The rise of ride-hailing companies has hurt the rental-car giants, and now Lyft Inc. wants to drive even farther into their lane.
Lyft LYFT, -1.60% announced Thursday afternoon that it was launching a rental-car service, allowing customers to nab loaner cars from within the Lyft app. The service will initially be rolled out in a few cities, with the company saying that Lyft Rentals is now available for “select users” in the Bay Area and Los Angeles.
The announcement caused more pain for the rental-car stalwarts, which saw their stocks dive as the news was announced near the end of Thursday’s trading session. Hertz Global Holdings Inc. HTZ, -4.81% shares HTZ, -4.81% ended the session down 4.8%, while Avis Budget Group Inc.’s CAR, -4.37% stock CAR, -4.37% lost 4.4%. Lyft also finished the day in the red, with its stock off 1.6%.
In a blog post, Lyft described its service as being good for “road trips, moving day, errands, and that much-needed weekend escape” and promised a $20 ride credit each way for trips to the rental lot. The company also said it would charge the “market price” for refueling and not tack on mileage charges. A concierge will help customers when they arrive at Lyft’s rental lots.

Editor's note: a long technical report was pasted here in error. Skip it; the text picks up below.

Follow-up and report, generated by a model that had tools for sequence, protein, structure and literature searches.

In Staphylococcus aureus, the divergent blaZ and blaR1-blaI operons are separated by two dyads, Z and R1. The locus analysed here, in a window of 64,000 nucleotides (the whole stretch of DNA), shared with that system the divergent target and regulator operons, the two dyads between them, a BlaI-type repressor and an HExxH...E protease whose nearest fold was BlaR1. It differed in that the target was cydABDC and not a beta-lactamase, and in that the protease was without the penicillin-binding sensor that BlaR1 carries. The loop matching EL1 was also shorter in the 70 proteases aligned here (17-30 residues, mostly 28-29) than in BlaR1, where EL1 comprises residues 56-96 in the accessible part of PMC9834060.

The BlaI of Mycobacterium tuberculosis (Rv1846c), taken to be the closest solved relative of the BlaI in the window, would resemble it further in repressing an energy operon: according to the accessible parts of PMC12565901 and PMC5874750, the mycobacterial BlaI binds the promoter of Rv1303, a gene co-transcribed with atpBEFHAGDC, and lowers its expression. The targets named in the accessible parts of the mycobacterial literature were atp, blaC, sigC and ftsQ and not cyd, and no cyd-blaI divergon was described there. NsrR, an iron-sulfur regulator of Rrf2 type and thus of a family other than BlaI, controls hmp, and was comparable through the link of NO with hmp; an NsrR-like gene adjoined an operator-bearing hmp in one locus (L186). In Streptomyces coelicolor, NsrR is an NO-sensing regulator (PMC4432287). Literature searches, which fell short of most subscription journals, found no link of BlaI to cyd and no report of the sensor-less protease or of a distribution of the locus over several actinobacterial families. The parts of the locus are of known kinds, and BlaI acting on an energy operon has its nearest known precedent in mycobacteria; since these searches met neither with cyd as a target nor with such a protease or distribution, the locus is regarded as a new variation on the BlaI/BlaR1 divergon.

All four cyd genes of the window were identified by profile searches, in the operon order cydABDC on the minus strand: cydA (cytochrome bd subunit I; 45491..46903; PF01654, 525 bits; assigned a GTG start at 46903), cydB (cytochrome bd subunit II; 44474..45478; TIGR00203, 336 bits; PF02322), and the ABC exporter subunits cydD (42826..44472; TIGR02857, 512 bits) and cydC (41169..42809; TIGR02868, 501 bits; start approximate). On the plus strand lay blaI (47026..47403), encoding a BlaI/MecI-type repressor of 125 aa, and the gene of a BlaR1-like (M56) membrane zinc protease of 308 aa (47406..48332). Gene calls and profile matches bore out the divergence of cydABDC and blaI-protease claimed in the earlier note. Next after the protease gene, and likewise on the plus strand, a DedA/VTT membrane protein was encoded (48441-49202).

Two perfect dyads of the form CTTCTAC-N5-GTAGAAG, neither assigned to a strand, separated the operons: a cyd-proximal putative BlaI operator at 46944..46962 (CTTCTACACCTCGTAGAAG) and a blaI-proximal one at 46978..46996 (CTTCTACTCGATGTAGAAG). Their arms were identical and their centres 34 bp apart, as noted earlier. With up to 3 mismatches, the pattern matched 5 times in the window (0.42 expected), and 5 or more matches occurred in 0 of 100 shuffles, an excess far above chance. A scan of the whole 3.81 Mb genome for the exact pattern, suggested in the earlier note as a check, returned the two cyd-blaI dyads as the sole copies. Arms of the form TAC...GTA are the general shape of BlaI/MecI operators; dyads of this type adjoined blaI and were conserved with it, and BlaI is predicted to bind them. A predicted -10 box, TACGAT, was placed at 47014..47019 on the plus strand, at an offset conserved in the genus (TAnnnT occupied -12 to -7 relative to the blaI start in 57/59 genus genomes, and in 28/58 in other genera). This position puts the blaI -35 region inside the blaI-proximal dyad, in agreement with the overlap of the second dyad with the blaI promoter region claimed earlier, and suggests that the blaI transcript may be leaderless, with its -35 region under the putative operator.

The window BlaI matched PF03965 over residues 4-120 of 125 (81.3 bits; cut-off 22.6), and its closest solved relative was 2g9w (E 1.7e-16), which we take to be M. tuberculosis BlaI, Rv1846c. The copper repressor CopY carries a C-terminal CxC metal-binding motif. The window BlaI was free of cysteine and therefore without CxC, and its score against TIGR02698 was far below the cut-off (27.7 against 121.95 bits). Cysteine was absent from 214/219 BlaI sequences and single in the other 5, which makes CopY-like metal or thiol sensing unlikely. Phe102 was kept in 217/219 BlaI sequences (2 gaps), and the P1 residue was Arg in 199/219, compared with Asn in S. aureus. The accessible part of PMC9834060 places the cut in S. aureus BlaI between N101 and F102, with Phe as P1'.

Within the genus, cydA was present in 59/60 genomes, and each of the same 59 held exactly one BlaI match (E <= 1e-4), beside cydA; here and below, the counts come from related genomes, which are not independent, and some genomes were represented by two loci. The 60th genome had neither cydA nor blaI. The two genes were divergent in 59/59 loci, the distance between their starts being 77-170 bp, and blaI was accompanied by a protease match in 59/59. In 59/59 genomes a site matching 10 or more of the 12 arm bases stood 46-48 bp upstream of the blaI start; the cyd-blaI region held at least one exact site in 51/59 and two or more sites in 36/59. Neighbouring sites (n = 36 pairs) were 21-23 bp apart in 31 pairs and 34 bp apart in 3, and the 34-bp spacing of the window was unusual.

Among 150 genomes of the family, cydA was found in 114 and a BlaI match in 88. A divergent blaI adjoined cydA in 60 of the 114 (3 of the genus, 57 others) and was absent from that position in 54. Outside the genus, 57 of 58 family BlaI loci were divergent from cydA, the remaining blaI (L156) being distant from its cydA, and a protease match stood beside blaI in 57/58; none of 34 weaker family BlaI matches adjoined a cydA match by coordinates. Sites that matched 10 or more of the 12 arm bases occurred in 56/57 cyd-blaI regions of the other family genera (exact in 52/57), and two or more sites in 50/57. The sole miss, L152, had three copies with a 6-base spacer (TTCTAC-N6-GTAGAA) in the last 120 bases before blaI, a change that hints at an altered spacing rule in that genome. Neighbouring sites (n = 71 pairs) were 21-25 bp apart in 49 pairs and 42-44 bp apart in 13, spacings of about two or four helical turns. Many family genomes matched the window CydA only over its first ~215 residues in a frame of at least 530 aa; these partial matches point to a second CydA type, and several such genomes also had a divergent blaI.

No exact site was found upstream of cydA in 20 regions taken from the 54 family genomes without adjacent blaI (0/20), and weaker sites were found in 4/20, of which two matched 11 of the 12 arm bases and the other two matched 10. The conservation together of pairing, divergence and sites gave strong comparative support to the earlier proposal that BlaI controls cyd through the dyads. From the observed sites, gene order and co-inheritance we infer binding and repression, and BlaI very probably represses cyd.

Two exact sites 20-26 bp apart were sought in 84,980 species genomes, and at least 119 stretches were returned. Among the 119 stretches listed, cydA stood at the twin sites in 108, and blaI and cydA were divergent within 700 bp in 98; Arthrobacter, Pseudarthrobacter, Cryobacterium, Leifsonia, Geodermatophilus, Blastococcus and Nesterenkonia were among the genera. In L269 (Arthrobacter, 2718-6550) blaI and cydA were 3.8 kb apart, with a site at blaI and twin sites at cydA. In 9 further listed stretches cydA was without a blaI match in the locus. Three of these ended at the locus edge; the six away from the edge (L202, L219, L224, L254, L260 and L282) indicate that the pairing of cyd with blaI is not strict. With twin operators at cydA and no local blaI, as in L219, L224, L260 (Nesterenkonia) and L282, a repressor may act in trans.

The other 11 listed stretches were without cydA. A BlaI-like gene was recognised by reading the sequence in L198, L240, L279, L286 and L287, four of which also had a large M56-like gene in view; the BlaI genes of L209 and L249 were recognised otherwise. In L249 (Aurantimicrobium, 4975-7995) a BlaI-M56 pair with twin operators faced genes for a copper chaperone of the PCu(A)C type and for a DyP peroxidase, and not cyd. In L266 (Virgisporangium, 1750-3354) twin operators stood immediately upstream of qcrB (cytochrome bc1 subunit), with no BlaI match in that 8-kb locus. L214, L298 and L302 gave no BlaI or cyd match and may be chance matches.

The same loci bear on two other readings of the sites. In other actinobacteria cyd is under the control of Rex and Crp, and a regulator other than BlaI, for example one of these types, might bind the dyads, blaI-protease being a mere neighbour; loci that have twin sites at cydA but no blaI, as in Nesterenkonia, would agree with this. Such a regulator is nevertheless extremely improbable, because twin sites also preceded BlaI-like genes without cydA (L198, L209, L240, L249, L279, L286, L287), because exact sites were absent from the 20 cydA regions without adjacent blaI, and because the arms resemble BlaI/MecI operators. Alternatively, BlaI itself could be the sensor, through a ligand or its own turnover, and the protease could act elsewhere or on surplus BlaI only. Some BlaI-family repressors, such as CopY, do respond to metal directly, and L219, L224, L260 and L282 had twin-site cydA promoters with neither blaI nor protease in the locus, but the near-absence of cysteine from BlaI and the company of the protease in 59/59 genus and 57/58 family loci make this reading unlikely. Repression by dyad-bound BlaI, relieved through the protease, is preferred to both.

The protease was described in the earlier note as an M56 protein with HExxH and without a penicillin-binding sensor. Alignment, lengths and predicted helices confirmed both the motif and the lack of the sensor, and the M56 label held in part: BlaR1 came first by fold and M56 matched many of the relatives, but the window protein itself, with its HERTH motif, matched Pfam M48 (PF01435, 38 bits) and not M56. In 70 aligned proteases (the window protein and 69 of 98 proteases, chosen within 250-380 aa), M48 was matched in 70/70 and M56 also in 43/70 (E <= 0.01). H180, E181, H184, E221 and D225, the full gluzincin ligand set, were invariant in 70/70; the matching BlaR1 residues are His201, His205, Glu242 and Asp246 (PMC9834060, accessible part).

Lyft went public in late March and has had a rough ride since then; shares closed Thursday down 35% from their offering price of $72. Investors have punished both Lyft and rival Uber Technologies Inc. UBER, +0.95% for their record of heavy losses, though Lyft has won some relative praise from analysts for its more focused business. Lyft’s operations are mainly domestic and oriented around ride hailing, while Uber has a more international presence and runs freight and food-delivery services in addition to its main ride-hailing business.
Shares of Lyft have added 10% over the past month, as the S&P 500 index SPX, +0.86% has climbed 2.5%.